Design problems notwithstanding, Fight 1.d4 with the Tarrasch! is an impressive, encyclopedic work, and it should now be seen as the definitive work on the Tarrasch. It is perhaps best suited for advanced players and those already familiar with the opening, given its density and ‘no holds barred’ approach to analysis.

For those looking for an introduction to the Tarrasch, or for analysis of the traditional 9. … cxd4 lines, there is Alexey Bezgodov’s 2017 The Art of the Tarrasch Defence: Strategies, Techniques, and Surprising Ideas. Bezgodov presents a Tarrasch repertoire using a complete game format, and his notes are clear and to the point. He also includes two interesting sections worth mentioning.

In the first, “Four ‘bad’ lines that are actually good,” Bezgodov tries to rehabilitate a number of Tarrasch lines that history has deemed substandard, including the “Keres System,” or the Dubov variation mentioned above. While he does not anticipate Dubov’s key 9. … Bb6 idea, he does confirm the viability of the general approach in other lines.

Bezgodov also gives the “Giants of the Tarrasch Defense” their own section, using the games of Keres, Spassky, Gligoric, and Kasparov to show the historical progression of the opening. Importantly he shows how these players approached the Tarrasch with both colors, something overlooked in many such studies.

A final word on another book that treats the Tarrasch from a historical perspective: Jaan Ehlvest’s Grandmaster Opening Preparation (2018) is an absolutely fascinating work that tries to merge the insights of pre-computer Soviet training with those derived from our metal friends. While Ehlvest’s concern is to show how to approach the creation and maintenance of opening repertoires in general, the Tarrasch and IQP are key examples, with over 100 pages devoted to showing how ideas in the IQP grew and transformed. Despite an unfortunate aside about “women’s openings,” it’s a worthwhile read, especially for strong players interested in meta-opening considerations.

2019 Last Minute Gift Guide

FYI – my 2019 Last Minute Chess Gift Guide at uschess.org has mini-reviews of a number of books, including:

Caruana, Fabiano. Navigating the Ruy Lopez, Volumes 1-3.

Dvoretsky, Mark, and Jan Gustafsson. Calculation with Dvoretsky and Endgames with Dvoretsky. Both reviewed here in November 2016.

Hansen, Carsten. Daily Chess Training: Chess Tactics, Volume 1.

Hansen, Carsten. Daily Chess Training: Chess Tactics, Volume 2.

Levenfish, Grigory. Soviet Outcast: The Life and Games of Grigory Levenfish.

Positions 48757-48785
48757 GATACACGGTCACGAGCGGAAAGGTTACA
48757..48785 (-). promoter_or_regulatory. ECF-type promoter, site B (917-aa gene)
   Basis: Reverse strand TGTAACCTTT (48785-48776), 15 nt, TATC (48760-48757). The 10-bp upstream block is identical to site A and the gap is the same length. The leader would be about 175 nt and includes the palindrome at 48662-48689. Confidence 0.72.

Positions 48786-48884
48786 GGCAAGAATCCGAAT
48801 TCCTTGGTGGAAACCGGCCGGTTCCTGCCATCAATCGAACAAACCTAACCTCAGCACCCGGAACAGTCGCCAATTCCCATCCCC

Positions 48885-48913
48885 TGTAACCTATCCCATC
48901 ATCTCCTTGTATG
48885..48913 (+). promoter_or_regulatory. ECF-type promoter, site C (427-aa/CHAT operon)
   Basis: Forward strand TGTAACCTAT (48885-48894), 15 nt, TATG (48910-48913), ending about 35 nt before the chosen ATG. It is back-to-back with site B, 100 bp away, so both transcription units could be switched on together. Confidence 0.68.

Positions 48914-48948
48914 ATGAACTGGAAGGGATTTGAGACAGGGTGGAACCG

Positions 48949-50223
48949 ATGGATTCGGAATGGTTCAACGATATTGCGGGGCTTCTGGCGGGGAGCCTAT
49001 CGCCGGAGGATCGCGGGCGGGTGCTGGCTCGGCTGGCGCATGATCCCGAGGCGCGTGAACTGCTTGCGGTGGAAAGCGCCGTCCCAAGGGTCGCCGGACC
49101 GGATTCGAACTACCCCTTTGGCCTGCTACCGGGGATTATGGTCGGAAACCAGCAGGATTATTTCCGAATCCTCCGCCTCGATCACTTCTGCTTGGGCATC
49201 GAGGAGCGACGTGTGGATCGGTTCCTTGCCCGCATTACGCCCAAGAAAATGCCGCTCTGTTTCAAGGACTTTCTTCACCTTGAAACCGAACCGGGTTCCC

Kamsky, Gata. Gata Kamsky: Chess Gamer, Volume 1 Awakening (1989-1996)

Kamsky, Gata. Gata Kamsky: Chess Gamer, Volume 2 Return (2004-2013)

Krasenkow, Michal. Learn from Michal Krasenkow.

McDonald, Neil. Coach Yourself: A Complete Guide to Self-Improvement at Chess.

McGowan, Alan. Kurt Richter: A Chess Biography with 499 Games.

Renette, Hans. Louis Paulsen: A Chess Biogrpahy with 719 Games.

Rowson, Jonathan. The Moves that Matter: A Chess Grandmaster on the Game of Life.

Lessons Learned

This review has been printed in the December 2019 issue of Chess Life.  A penultimate (and unedited) version of the review is reproduced here. Minor differences exist between this and the printed version. My thanks to the good folks at Chess Life for allowing me to do so.


Geller, Efim. The Nemesis:  Geller’s Greatest Games. Edinburgh: Quality Chess, 2019. ISBN 978-1784830618. HB 480pp.

“The past is never dead. It’s not even past.” — William Faulkner

Anniversaries are a time for celebration, for looking at the great accomplishments of the past, and for understanding how they might weave their way into the

So it is with the 80th Anniversary of the US Chess Federation, an organization that has grown from a membership base of 533 in the middle of World War II (1943) to the nearly 100,000 members we boast today. Chess Life, along with its predecessor Chess Review, stands as a chronicle of  American chess in those eighty years, and the digitization project announced at the 2019 Delegates Meeting is the best anniversary present that US Chess could possibly have given its members.

I have spent more than a few hours perusing this archive, which should soon be available to US Chess members (if it is not already). And I am struck by the tremendous variety of materials found there, and how they differ from what we find in today’s chess magazines.